Thursday, April 13, 2006

All That is Necessary . . . Is That Good People Do Nothing

I recently saw the movie Hotel Rwanda. Like the HBO movie Sometimes In April, Hotel Rwanda was a narrative of events that took place during the Rwandan genocide in 1994. Like many other people, I read and saw press reports while the Rwandan genocide was taking place; some time later I also saw Triumph of Evil, a PBS Frontline documentary that recapitulated these events in the context of recent history. However, the personal perspective brought forth by the two dramatic productions of which I speak above made the Rwandan genocide seem much more realistic to me than factual accounts had ever done.

As a general rule, I am loathe to redirect the focus of larger social issues to my personal perspective, hoping to do the exact opposite instead. However, I beg the indulgence of my audience on this particular occasion because I think that my personal perspective on genocide is shared by a great many people who do not take the time to articulate it. My hope is that my personal perspective can and will flesh out the larger issue of genocide and make what happened in Rwanda more than just a story to be told.

The Rwandan genocide was not the first genocide of the 20th Century, nor was it the last. I know this because I have close friends whose relatives were killed in some of the many genocides that took place during the last 100 years or so. This personal knowledge compelled me to investigate genocide as a historical phenomenon, and -- as I suspected -- I found that genocide is nothing new, nor is it likely to go away anytime soon. In fact, genocide goes back at least as far as recorded human history, and a genocide not unlike the Rwandan genocide is taking place right now in Darfur, albeit on a much smaller scale and at a much slower pace.

While I have no close personal friends whose relatives were killed in the Rwandan genocide, that particular genocide seems noteworthy to me because many people in positions of power knew that it was taking place, and they could have stopped the killing. Instead, they deliberately avoided getting involved, later professing (quite insincerely) that they were unaware of how grave the situation was. In and of itself, this failure of people in positions of power to act is noteworthy. Even more noteworthy is the fact that these decisions to avoid getting involved allowed the untimely death of some one million innocent people to occur in a time frame that was much faster than any other genocide that has ever been recorded in human history.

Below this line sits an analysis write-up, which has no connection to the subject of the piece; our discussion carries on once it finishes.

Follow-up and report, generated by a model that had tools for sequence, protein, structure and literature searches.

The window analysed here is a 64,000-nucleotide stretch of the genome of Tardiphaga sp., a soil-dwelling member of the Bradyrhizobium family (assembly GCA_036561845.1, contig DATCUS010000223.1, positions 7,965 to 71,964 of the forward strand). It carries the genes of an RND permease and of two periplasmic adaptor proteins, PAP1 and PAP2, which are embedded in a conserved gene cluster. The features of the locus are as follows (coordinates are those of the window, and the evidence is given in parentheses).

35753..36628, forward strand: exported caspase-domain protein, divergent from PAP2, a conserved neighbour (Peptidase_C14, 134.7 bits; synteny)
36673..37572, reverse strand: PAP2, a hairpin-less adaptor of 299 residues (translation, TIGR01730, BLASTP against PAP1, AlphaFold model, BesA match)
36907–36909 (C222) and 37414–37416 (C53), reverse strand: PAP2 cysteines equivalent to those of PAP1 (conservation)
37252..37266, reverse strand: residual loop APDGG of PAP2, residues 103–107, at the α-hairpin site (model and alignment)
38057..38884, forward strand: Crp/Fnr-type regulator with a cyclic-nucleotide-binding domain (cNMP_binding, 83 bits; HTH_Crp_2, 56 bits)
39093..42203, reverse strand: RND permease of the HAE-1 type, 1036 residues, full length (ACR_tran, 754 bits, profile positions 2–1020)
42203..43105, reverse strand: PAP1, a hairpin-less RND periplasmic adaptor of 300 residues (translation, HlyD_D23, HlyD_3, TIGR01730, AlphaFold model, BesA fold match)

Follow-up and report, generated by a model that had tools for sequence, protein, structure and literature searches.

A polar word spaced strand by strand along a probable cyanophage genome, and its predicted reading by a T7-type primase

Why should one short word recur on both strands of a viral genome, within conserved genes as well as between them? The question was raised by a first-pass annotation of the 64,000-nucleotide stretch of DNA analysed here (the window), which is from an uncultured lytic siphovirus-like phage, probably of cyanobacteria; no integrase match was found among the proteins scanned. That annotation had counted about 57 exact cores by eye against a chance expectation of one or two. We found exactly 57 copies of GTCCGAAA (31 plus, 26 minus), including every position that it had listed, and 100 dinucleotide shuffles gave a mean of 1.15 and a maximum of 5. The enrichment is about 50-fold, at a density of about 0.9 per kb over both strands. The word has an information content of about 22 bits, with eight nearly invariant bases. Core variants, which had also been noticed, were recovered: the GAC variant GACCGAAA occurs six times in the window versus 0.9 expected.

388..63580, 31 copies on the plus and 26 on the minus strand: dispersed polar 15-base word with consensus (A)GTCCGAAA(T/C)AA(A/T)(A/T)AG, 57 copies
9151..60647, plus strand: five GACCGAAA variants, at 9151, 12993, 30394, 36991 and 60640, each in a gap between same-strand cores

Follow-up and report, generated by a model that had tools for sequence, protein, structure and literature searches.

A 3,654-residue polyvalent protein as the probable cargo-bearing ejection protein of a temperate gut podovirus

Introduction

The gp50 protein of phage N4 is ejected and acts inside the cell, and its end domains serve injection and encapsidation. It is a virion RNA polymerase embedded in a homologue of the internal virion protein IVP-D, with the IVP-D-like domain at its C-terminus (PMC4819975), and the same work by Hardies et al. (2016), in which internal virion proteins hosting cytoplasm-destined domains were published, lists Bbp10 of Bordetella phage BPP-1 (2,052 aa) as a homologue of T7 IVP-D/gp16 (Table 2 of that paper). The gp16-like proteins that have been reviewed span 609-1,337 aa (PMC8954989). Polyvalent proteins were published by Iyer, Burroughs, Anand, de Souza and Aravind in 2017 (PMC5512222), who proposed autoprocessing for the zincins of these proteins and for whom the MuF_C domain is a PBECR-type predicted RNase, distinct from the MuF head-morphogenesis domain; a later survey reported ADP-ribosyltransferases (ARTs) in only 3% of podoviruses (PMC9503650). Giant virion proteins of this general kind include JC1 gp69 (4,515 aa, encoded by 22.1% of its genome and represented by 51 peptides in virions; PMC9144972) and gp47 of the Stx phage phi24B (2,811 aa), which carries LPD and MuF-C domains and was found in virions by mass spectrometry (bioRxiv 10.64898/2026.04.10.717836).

An apocryphal quote attributed to Edmund Burke, asserts, "All that is necessary for the triumph of evil is that good men [sic] do nothing." Nowhere is this assertion more apropos than when it comes to genocide. And yet, other than the handful of decision-makers who are in a position to do something, what can good people do when confronted with a genocide in progress? This point was driven home by the dramas referenced above. To wit, the protagonists were good men and women who did their best to stop acts of genocide in Rwanda, but in most instances they were just as helpless and/or just as dead as the victims that they wanted to help and/or tried to help.

Ethical choices are inherently personal, but I think it is fair to say that most people would agree that there is an ethical duty to come to the aid of those who are in peril, a duty that is based upon the principle of reciprocity. To wit, "There but for the grace of God go I." This is not to say that a bystander should feel obliged to put his or her life in jeopardy to rescue someone else or commit resources that would put him or her in dire need. However, somewhere between these two extremes is a place where a reasonable person would acknowledge a duty to act, and it is reasonable to expect that our elected leaders in the United States would acknowledge such a duty as well rather than intentionally burying their heads in the sand.

As a general rule, I do not believe that war should be used as a tool of foreign policy. Specifically, I think the most recent war in Iraq was the wrong war at the wrong time. But if there is any moral justification for a nation such as the United States to go to war, stopping or mitigating a genocide in progress would be that moral justification. Indeed, by virtue of the ethical duty to come to the aid of those who are in peril, this type of moral justification for war could easily be characterized as a categorical moral imperative for those in a position to declare war, other things being equal. However, even under the rubric of this type of just war doctrine, the primary objective of military action should be the safe evacuation of political refugees from a country where they are being persecuted rather than regime change. Such limited military engagements could save thousands, if not millions of innocent lives.


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